In honor of Independence Day, upon which we were liberated from our Oppressors--culinary and otherwise.
It's always something. When you live in a foreign country, even the most innocuous request can open up a can of wriggling, irritating, cultural worms.
Recently, because of my Yankee origins, I was asked to contribute un piatto americano to my six year-old daughters' year-end class picnic. I smothered a loud, curmudgeonly groan and the usual array of curses with an effusive, "Why, of course! I'd be delighted!" The organizer-mom had the cute idea to ask everyone to bring a dish from their native land--which is odd, considering that nearly all the parents are Florentine and thus we'd be having the usual slew of local fare. But, upon reflection, I suppose this class is about as diverse as it gets for my little corner of Florence: there are two American moms (including yours truly), as well as a Japanese, a German, a Danish, and a French mom--and one from Calabria (though from a bona fide region of Italy, she's considered as foreign as the rest of us).
Preparing ethnic/American dishes for Italians is a tricky business (one I have touched upon here), hence my annoyed reluctance to subject myself and my not-too-shabby-if-I-do-say-so-myself cooking to the typically close-minded scrutiny of such cuisine-phobic pantywaists. The iconic foodstuffs, the hamburgers and hot dogs and their ilk, seem to be what most Italians expect from us--rather like malaria from pesky mosquitos. I have found that efforts to enlighten them with our genuine, though perhaps harder-to-suss-out, homemade specialties are usually as lost on their sissified palates as flotsam in a roiling sea of culinary provincialism. For instance, every time I have served an honest-to-goodness, made-from-scratch-and-redolent-with-spice pumpkin pie to People of the Boot, they double over and fling themselves from their dining chairs as if they'd just cannibalized a dear-departed, and practically projectile vomit all over the walls. I have, since, ceased to inflict this particular--though dearly beloved to me--dessert of doom on my adopted countrymen.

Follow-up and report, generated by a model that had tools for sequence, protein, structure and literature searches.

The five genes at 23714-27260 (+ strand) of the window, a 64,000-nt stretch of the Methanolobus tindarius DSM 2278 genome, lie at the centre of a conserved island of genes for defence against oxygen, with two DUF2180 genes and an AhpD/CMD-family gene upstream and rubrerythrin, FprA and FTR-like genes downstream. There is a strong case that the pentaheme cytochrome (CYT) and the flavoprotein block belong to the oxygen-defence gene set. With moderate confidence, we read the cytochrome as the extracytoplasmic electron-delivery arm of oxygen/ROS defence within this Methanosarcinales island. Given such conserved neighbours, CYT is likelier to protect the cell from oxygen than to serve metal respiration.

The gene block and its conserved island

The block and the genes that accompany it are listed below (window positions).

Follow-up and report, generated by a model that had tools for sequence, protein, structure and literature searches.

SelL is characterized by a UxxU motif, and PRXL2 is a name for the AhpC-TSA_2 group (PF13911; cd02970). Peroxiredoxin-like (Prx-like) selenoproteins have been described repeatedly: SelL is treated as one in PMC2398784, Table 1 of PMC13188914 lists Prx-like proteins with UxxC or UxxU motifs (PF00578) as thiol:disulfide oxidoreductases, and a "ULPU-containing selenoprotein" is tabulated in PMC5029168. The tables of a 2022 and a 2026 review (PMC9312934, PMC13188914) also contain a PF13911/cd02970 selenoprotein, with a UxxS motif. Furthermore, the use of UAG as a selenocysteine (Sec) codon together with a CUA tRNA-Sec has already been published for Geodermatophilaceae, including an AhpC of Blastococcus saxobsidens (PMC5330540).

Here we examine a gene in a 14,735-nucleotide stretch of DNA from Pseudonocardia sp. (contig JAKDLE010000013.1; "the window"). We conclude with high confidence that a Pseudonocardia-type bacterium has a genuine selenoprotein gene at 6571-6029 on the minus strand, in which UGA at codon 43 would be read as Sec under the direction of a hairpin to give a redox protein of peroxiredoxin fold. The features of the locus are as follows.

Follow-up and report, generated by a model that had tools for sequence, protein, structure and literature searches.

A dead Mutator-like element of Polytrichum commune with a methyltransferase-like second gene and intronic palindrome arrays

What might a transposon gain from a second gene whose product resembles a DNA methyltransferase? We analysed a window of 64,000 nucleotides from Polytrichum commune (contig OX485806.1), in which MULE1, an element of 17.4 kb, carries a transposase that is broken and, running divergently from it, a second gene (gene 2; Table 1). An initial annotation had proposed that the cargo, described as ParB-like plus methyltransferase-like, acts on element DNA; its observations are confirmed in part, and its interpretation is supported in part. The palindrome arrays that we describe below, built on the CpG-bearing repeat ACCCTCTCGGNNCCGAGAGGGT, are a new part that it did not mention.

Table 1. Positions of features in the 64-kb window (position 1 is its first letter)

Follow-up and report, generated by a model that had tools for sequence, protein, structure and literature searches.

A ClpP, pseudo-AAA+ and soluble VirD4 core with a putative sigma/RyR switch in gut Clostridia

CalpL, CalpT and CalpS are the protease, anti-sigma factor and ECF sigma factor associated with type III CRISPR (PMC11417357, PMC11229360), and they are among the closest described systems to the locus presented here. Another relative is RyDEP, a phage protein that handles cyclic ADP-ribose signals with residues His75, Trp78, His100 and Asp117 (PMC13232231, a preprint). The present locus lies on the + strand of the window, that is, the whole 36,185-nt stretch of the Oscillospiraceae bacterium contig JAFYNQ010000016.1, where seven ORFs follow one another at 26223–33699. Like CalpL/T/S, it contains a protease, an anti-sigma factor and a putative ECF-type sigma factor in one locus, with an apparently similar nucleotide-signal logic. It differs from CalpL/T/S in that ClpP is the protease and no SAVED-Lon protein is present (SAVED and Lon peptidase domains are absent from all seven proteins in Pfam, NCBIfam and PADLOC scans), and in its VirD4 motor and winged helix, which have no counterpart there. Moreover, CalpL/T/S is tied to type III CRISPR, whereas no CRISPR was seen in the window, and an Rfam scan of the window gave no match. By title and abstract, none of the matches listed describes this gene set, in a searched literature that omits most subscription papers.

For the most part, Italians simply have no idea what other people in the world eat—beyond the stereotypes, of course—and, when it comes down to it, they simply don't care.
Once, in the bookstore where I was working, a liver-spotted, toad-like Italian cretin with Baroque sunglasses and carefully-upturned, pressed polo collar asked me to show him a book on American cuisine. When I pulled out Thomas Keller's newly-arrived Ad Hoc at Home, he added--his voice dripping with sarcasm--“That is, if there IS such a thing as American cuisine!" Naturally, I immediately rendered him unconscious by hitting him over the head with the cash register.
I feel no need to be ashamed of American food that uses the best of our local ingredients. Our vast continent is teeming with a Pilgrim's bounty of wonderful indigenous produce; that fresh, green breast of the New World about which Fitzgerald wrote nourishes its wayward children on an embarassment of culinary riches. And of course the tired, poor, huddled masses whose foreign hands stirred the great, exotic, multi-ethnic minestrone created an ever-changing smorgasbord for generations to enjoy and riff upon. American cuisine is rather like American English—peppered with far-flung influences, constantly innovating and evolving, a veritable bucking bronco of free-spirited creativity—producing a rather astonishing and riotous polyglot range of expression which ennables us to get straight to the point with a grilled-cheese-on-rye, or elaborate more thoroughly with a Creole jambalaya or New England clam chowder. It's a language and a cuisine that both shoots from the hip and frolics with the sublime--and, yes, it does have its fair share of barbarisms.